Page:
The Good Women of China: Hidden Voices by Xinran. Translated by Esther Tyldesley. New York: Pantheon Books, 2002. 242 pages, cloth $24. Born into a so-called capitalist household in the midst of China's Cultural Revolution, Xinran was labeled polluted and not allowed to play with other children or participate in school activities. Her only nourishment came from the scraps of food and knowledge her unpolluted peers discarded. During the brief "opening" of China in the 1980s and 1990s, she became the host of a popular radio show, and was able to travel the country and speak and listen to women who otherwise would not have been heard. The pain and anguish she unearthed were more than she ever expected. Her accounts of the lives of women, rendered in interviews, reveal a society where generations were destroyed through separation, chaos, and the propaganda of the Cultural Revolution; the women were left with the task of creating families and relationships from the chipped remains. Isolated by lack of information and their own suffering, they confided in Xinran, seeking guidance, forgiveness, and acceptance. The most disturbing and dramatic of these narratives are the ones set in the past because we are often left wondering what became of the women. At the end of a story about a sexually abused girl in the 1970s, Xinran wonders what became of her. So do we, but we are never told. In the case of an imprisoned ethnic Japanese woman, her memories of her mother's suicide, her sister's rape during "re-education," and her father's mental impairment trigger Xinran's own traumatic childhood memories. However, there is an emotional distance in her style that keeps the reader at bay. We are told how beautiful her black braids were before they were sheared, how her best friend spat on her, and how her toys were burned, but we don't hear the scissors snip, visualize the spit, or feel the burning flames. Throughout the more than dozen lives she recounts, her interview style, brief descriptions, and use of the past tense create a barrier. It may be that some of the intimacy she achieved was lost in the translation. But this is a minor criticism. Setting out with the goal of discovering what a woman's life is worth in China, Xinran recounts stories that help raise the veil that has long cloaked Chinese women in secrecy. katya cengel Wild Form, Savage Grammar: Poetry, Ecology, Asia by Andrew Schelling. Albuquerque: La Alameda Press, 2003. 192 pages, paper $16. For a decade, through collections such as Dropping the Bow (1991) and For Love of the Dark One: Songs of Mirabai (1993), we've recognized Andrew Schelling as a sparkling translator of Sanskrit and a fine poet in his own right. In Old Growth (1995), for example, he imbued American-grain poetry with Himalayan aesthetics, adding journal-entry poetics to reflect his keen interests in natural science, eros, and the vernacular. Reviews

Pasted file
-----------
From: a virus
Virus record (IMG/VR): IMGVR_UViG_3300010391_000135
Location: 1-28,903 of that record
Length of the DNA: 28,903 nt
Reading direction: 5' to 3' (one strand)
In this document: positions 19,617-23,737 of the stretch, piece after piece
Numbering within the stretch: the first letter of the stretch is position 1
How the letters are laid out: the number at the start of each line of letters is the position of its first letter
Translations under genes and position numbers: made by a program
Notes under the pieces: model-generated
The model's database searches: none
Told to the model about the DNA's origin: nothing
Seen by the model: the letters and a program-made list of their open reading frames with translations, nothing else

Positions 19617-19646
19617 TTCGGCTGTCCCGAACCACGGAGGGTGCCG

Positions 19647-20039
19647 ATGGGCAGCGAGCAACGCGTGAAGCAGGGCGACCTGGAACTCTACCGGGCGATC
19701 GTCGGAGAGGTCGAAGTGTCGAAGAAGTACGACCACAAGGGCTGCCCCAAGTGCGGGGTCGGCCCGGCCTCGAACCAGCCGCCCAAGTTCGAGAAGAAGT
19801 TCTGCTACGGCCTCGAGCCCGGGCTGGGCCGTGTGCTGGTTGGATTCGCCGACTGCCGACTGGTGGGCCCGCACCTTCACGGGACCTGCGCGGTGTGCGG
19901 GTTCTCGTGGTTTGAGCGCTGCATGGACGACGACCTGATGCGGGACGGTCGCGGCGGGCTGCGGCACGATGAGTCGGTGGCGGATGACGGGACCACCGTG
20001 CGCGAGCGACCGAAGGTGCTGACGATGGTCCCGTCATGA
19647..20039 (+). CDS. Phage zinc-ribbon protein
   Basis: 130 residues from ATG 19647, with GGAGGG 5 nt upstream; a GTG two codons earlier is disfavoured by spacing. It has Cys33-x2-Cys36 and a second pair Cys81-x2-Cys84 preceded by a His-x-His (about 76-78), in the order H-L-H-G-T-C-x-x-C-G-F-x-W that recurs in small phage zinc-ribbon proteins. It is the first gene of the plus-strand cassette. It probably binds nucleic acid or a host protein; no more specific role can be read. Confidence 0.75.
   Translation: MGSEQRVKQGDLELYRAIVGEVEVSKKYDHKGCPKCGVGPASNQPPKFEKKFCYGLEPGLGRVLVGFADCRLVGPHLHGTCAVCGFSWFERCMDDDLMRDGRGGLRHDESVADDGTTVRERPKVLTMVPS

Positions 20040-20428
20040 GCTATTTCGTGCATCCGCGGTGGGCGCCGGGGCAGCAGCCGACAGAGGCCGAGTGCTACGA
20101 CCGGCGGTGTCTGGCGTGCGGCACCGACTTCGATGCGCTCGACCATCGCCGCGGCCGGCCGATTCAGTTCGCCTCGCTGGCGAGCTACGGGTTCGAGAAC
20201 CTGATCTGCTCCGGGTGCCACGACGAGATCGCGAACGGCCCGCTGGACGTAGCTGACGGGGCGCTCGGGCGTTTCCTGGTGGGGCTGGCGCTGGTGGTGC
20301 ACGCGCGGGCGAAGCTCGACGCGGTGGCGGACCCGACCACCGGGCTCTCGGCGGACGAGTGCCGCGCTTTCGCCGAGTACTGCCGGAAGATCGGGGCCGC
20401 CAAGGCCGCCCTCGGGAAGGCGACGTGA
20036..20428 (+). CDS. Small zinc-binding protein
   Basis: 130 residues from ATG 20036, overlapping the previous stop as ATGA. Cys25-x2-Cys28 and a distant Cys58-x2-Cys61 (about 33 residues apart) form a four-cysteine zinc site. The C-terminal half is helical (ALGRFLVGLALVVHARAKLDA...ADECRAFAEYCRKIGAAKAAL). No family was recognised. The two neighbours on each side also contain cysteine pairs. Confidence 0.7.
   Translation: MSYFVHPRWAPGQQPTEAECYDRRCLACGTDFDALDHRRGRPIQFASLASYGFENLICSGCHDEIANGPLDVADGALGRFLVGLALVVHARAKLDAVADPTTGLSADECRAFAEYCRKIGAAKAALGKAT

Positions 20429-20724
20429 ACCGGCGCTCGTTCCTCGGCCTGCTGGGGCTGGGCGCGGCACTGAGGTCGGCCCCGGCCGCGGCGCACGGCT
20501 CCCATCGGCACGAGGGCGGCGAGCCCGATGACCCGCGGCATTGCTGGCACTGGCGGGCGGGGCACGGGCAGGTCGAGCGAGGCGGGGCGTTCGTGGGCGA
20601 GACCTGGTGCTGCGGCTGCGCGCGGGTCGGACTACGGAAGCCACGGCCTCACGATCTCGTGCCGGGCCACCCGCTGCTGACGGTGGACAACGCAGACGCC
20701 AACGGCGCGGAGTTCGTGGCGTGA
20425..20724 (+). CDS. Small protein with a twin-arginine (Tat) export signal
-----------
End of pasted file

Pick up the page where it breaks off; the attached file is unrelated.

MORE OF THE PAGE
Manoa – University of Hawai'I Press
Published: Oct 23, 2003
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